Grammy-nominated Morgan to perform children’s shows today
December 28, 2007
Steamboat SpringsSteamboat Springs — Children's songwriter Zak Morgan didn't plan to make a career out of writing songs about melancholy bullfrogs. — Children's songwriter Zak Morgan didn't plan to make a career out of writing songs about melancholy bullfrogs.
Steamboat Springs — Children’s songwriter Zak Morgan didn’t plan to make a career out of writing songs about melancholy bullfrogs.
He didn’t plan to start that career with an entertainment gig at a dude ranch in Wyoming, either. But Morgan is a natural ham with a Cat Stevens voice and a Randy Newman wit, and he took in stride the events that turned him into a Grammy-nominated children’s performer.
Morgan will play two shows today for the Strings in the Mountains Holiday Youth Concert, at the Sheraton Steamboat Resort and Conference Center. In a
recent phone interview, Morgan talked about how he got into children’s music, how he keeps his young audiences involved and how kids are a lot smarter than they get credit for.
Pilot & Today: How did you get into writing songs for children?
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Zak Morgan: I have a very clear memory of my own childhood, and I remember that kids are not simpletons.
If you think back to second or third grade, it’ll jog your memory and think, ‘Gosh, I was not an idiot.’ And I think people make a mistake and underestimate how intelligent children are.
P&T: Does the songwriting process change when you’re targeting 5-year-olds?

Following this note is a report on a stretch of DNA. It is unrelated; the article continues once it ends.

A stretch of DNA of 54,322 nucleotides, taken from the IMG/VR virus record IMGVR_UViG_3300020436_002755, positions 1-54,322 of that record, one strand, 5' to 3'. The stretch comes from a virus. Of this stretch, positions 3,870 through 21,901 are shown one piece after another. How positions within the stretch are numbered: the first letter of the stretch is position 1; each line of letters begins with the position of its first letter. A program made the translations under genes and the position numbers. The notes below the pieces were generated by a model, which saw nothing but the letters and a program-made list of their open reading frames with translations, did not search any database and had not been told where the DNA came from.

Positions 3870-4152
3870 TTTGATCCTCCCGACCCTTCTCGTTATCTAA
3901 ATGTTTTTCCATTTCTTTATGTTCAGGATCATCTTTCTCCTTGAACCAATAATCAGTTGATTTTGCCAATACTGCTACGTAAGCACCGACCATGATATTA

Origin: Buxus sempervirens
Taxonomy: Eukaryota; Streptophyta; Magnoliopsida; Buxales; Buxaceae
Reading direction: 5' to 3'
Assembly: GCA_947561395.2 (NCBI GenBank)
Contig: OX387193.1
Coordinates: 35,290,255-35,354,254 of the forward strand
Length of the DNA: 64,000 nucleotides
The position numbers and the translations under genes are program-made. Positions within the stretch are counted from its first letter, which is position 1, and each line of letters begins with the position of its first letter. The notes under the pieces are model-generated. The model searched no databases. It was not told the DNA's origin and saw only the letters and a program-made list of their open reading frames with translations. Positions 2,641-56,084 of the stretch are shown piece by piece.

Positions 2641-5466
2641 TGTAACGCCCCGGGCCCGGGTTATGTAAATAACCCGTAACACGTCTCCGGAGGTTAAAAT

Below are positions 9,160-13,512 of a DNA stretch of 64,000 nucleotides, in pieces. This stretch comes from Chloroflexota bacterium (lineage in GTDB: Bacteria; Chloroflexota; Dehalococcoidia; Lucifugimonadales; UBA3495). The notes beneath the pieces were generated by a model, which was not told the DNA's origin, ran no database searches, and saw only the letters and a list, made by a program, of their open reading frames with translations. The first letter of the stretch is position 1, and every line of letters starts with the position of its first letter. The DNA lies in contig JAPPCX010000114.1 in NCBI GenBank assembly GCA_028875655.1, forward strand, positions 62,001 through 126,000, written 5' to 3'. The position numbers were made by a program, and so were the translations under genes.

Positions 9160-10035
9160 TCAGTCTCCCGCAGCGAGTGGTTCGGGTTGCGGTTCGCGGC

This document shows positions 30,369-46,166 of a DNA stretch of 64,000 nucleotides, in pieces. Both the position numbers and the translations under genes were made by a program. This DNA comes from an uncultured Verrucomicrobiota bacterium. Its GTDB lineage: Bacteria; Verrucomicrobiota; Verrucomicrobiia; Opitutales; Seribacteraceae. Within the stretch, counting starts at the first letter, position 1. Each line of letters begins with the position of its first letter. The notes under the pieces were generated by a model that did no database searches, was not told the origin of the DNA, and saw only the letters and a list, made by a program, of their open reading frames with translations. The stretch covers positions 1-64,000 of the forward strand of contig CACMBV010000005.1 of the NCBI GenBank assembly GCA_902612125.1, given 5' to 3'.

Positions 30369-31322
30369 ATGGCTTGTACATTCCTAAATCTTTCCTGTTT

ZM: It’s the same. I write songs about my own childhood. But when I sing those songs, I get myself back in that mindset. When I write it’s about childhood experience – I don’t dumb down the language at all, and I use a lot of wordplay.
P&T: How does that go over in performances?
ZM: They are the ones teaching me a lot of the lessons during the show, rather than me preaching to them. I’m careful not to patronize. I think kids really respond if you respect their intelligence and don’t preach to them.
At the same time, when you’ve got kids in front of you and are keeping them entertained, it gives you a great opportunity to send out positive messages.
P&T: So when you’re writing one of these songs – a ballad of a depressed dragon, a country tune about frogs meeting their ends – what’s your process?
ZM: I want to write the best song I can possibly write. So, if I’m writing about being a little jealous of younger siblings, I’m not just trying to imagine what that would be like, that happened to me. So, I know kids can relate because I’ve been there.
I use as rich as language as I can. I’m a big fan of Shel Silverstein and Dr. Seuss, who use a lot of wordplay.
P&T: Do you try to keep most of the show kind of light?
ZM: I’m careful not to take away any of the naivete and innocence of children, and I think we don’t have it for long enough in today’s culture. I think that (innocence) is a beautiful thing, but at the same time, I try to challenge them.
The analogy I use is that it’s like when you get a brand new computer. You have a brand new hard drive and it doesn’t have any programs on it yet, so it doesn’t know anything yet, but it’s lightning-fast.
It’s not cluttered up. It’s not jaded. It’s not fragmented like we are when we get older.
If you don’t dumb it down, it’s just incredible to watch how smart they are and how easily they pick up on things.